BACKGROUND: Systematic reviews are not an assembly of anecdotes but a distillation of current best available evidence on a particular topic and as such have an important role to play in evidence-based healthcare. A substantial proportion of these systematic reviews focus on interventions, and are able to provide clinicians with the opportunity to understand and translate the best available evidence on the effects of these healthcare interventions into clinical practice. The importance of systematic reviews in summarising and identifying the gaps in evidence which might inform new research initiatives is also widely acknowledged. Their potential impact on practice and research makes their methodological quality especially important as it may directly infuence their utility for clinicians, patients and policy makers. The objectives of this study were to identify systematic reviews of oral healthcare interventions published in the Journal of Applied Oral Science (JAOS) and to evaluate their methodological quality using the evaluation tool, AMSTAR. METHODS: Potentially eligible systematic reviews in JAOS were identifed through an electronic search of the Scientific Electronic Library Online (SciELO). Details of the relevant aspects of methodology as reported in these systematic reviews were extracted from the full text publications. Methodological quality was assessed independently by two reviewers using the AMSTAR questionnaire. RESULTS: Five systematic reviews were identifed, one of which was subsequently excluded as it was a review of a diagnostic test. Summary AMSTAR scores for the four included reviews were: 1, 5, 2 and 4 out of a maximum score of 11 (range 1-5, mean 3) with only one of the reviews scoring 5. CONCLUSION: AMSTAR evaluation of the methodological quality of the relatively small number of systematic reviews published in JAOS illustrated that there was room for improvement. Pre-publication and editorial appraisal of future systematic reviews might beneft from the application of tools such as AMSTAR and is to be recommended.
AMSTAR; Systematic reviews; Quality; Methodology
An AMSTAR assessment of the methodological quality of systematic reviews of oral healthcare interventions published in the Journal of Applied Oral Science (JAOS)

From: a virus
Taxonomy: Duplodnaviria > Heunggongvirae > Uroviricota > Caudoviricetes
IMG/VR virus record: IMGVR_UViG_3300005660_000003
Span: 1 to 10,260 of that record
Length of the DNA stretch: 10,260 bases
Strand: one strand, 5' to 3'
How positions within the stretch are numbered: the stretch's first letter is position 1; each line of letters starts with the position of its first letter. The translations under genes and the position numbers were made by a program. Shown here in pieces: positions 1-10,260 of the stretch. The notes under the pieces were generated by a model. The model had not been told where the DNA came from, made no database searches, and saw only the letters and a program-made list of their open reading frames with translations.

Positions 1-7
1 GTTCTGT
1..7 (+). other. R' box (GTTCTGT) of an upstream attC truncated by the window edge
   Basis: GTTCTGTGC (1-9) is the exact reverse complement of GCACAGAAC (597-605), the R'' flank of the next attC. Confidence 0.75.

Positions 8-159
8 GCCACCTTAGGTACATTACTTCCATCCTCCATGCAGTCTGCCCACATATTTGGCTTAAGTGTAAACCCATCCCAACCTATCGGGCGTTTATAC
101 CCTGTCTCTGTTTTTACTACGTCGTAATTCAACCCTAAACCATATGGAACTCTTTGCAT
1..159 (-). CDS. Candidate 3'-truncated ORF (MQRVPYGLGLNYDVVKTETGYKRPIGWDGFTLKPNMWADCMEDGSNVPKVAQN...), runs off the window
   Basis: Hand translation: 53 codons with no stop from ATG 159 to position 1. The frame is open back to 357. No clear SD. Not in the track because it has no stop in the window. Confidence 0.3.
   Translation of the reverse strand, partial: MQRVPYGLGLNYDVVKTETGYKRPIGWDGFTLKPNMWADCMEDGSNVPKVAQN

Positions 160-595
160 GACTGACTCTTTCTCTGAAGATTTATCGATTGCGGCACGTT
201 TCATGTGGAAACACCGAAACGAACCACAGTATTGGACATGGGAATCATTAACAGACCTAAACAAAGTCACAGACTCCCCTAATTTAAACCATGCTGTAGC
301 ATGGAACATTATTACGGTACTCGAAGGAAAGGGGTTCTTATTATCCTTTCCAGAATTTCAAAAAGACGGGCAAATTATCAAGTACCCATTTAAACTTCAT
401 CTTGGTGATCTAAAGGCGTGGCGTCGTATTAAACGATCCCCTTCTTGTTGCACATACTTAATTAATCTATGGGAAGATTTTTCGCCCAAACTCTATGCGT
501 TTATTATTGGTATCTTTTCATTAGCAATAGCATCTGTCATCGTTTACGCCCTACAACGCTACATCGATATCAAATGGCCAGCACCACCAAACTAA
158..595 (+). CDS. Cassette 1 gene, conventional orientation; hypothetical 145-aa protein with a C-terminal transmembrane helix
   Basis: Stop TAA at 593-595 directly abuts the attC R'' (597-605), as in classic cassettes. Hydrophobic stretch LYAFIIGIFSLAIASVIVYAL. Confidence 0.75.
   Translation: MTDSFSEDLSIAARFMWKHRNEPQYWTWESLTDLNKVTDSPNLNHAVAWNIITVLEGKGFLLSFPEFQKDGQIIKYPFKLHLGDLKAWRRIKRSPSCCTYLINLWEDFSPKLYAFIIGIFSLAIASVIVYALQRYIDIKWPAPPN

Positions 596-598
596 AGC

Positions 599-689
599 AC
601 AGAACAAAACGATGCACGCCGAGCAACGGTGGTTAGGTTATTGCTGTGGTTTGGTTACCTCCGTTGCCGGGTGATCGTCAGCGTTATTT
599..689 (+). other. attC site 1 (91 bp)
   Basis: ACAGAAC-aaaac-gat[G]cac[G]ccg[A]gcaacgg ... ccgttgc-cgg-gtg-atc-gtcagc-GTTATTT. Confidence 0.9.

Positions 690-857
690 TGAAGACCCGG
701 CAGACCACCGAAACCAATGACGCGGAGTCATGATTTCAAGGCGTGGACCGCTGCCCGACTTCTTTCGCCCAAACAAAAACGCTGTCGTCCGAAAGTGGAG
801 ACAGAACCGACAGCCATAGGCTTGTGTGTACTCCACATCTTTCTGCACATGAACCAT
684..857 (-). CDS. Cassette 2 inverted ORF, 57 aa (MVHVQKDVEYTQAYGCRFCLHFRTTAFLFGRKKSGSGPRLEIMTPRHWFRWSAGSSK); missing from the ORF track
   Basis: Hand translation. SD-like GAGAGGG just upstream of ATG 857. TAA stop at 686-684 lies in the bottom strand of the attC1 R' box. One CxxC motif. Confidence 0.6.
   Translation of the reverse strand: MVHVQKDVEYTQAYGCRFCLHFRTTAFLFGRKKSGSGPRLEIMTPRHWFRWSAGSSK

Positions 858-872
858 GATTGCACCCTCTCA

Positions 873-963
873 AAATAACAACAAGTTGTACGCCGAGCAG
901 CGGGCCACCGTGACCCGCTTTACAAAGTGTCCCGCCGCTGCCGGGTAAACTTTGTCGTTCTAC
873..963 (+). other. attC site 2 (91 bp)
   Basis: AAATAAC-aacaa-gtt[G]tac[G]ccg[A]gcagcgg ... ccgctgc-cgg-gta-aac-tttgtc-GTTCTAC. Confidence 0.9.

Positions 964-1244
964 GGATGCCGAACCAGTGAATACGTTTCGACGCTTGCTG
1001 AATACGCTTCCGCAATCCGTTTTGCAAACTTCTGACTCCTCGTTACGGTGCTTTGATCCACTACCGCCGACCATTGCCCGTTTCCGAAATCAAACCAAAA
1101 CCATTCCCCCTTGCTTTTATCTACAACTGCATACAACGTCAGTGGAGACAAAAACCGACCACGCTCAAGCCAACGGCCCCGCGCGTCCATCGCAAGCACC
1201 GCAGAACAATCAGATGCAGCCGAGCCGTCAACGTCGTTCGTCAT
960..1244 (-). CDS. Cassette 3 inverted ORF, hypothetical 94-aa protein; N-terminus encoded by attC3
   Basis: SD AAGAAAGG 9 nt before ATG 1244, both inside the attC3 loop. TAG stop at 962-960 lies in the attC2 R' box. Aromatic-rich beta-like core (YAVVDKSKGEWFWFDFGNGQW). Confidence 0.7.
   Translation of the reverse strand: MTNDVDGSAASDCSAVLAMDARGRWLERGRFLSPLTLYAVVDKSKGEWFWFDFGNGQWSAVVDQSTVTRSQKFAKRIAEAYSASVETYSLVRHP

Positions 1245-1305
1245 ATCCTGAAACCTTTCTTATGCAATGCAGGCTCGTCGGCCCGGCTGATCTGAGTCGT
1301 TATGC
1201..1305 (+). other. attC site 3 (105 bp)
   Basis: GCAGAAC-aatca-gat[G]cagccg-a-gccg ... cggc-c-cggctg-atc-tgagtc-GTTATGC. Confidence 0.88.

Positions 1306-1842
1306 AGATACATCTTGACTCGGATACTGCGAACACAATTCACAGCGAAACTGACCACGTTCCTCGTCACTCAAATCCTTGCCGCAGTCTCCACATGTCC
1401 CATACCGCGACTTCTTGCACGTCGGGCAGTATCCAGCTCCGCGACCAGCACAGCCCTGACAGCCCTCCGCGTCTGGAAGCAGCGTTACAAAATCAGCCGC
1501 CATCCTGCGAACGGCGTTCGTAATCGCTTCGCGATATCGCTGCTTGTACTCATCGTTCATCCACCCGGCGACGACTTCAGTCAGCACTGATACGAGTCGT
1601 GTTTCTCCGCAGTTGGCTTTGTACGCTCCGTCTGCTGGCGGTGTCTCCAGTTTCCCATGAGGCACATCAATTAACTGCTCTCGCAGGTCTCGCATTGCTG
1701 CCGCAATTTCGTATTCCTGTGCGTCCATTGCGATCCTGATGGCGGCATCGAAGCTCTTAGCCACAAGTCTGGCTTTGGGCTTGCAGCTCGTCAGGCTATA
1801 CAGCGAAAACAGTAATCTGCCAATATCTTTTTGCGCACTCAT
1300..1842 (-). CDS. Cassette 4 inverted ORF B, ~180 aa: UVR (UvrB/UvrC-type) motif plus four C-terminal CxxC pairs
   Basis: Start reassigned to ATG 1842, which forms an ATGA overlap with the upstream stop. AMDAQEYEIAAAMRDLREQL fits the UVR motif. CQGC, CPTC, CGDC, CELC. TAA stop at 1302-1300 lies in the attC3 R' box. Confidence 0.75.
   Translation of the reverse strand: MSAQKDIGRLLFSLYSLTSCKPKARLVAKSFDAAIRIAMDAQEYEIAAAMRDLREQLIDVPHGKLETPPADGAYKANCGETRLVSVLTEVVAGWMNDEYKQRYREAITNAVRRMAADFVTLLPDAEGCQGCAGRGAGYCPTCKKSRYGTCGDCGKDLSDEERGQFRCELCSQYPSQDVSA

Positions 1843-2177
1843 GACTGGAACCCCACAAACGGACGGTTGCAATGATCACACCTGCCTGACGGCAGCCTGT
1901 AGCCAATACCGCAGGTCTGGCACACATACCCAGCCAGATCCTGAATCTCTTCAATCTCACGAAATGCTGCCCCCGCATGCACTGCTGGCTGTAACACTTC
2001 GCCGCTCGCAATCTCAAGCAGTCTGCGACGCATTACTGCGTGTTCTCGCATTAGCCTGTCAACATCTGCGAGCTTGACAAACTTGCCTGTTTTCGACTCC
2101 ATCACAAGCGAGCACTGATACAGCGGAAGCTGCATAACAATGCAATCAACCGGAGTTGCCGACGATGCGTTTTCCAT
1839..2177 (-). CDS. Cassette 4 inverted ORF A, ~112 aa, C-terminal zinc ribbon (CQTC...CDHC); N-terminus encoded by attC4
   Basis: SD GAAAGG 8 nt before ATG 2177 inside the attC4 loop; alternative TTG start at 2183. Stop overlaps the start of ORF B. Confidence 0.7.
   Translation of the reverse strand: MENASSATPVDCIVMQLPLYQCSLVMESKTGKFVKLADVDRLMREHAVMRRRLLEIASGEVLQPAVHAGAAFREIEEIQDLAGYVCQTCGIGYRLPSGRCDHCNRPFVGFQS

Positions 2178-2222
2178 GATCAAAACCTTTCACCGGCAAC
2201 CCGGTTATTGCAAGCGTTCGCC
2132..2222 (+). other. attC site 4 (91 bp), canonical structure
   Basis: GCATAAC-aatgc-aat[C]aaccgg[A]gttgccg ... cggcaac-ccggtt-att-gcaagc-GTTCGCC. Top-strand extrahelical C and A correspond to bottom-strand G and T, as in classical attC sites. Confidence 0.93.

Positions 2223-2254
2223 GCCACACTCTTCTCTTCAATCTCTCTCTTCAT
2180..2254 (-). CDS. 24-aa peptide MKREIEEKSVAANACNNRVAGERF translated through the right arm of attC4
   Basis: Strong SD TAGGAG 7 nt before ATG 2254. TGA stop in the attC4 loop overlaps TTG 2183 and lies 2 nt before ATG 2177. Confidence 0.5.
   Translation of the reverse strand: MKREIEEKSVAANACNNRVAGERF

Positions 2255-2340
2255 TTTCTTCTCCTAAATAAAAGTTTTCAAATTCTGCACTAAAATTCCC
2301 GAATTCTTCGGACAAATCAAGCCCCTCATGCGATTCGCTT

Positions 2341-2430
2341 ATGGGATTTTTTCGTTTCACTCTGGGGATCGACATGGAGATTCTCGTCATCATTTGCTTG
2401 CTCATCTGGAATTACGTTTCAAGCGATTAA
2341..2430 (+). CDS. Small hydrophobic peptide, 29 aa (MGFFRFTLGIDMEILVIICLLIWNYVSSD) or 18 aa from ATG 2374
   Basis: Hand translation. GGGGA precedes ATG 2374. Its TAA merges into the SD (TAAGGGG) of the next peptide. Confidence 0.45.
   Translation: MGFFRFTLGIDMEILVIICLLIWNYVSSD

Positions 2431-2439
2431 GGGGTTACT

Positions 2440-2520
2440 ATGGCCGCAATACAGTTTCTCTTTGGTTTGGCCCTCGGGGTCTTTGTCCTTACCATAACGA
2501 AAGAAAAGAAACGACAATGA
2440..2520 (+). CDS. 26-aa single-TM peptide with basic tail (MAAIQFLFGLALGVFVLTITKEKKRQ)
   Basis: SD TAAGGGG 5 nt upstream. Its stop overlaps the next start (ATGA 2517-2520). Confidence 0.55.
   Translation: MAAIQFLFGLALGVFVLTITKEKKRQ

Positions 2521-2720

Patrick Sequeira-ByronI; Zbys FedorowiczII; Vanitha A. JagannathIII; Mohammad Owaise SharifIV
IBDS, Dr. Med. Dent., PGDipEBHC (Oxford), MSc, MSc Oberarzt, Department of Preventive Restorative and Pediatric Dentistry, University of Bern, Switzerland
IIMSc DPH, BDS LDS RCS Eng., Director, The Bahrain Branch UK Cochrane Centre, Bahrain
IIIMBBS, MD Pediatrics; Specialist Paediatrician, The Bahrain Branch UK Cochrane Centre, Bahrain
IVBDS, MSc, MJDF RCS Eng., NIHR Academic Clinical Fellow, The University of Manchester, Manchester, United Kingdom
BACKGROUND: Systematic reviews are not an assembly of anecdotes but a distillation of current best available evidence on a particular topic and as such have an important role to play in evidence-based healthcare. A substantial proportion of these systematic reviews focus on interventions, and are able to provide clinicians with the opportunity to understand and translate the best available evidence on the effects of these healthcare interventions into clinical practice. The importance of systematic reviews in summarising and identifying the gaps in evidence which might inform new research initiatives is also widely acknowledged. Their potential impact on practice and research makes their methodological quality especially important as it may directly infuence their utility for clinicians, patients and policy makers. The objectives of this study were to identify systematic reviews of oral healthcare interventions published in the Journal of Applied Oral Science (JAOS) and to evaluate their methodological quality using the evaluation tool, AMSTAR.
METHODS: Potentially eligible systematic reviews in JAOS were identifed through an electronic search of the Scientific Electronic Library Online (SciELO). Details of the relevant aspects of methodology as reported in these systematic reviews were extracted from the full text publications. Methodological quality was assessed independently by two reviewers using the AMSTAR questionnaire.
RESULTS: Five systematic reviews were identifed, one of which was subsequently excluded as it was a review of a diagnostic test. Summary AMSTAR scores for the four included reviews were: 1, 5, 2 and 4 out of a maximum score of 11 (range 1-5, mean 3) with only one of the reviews scoring 5.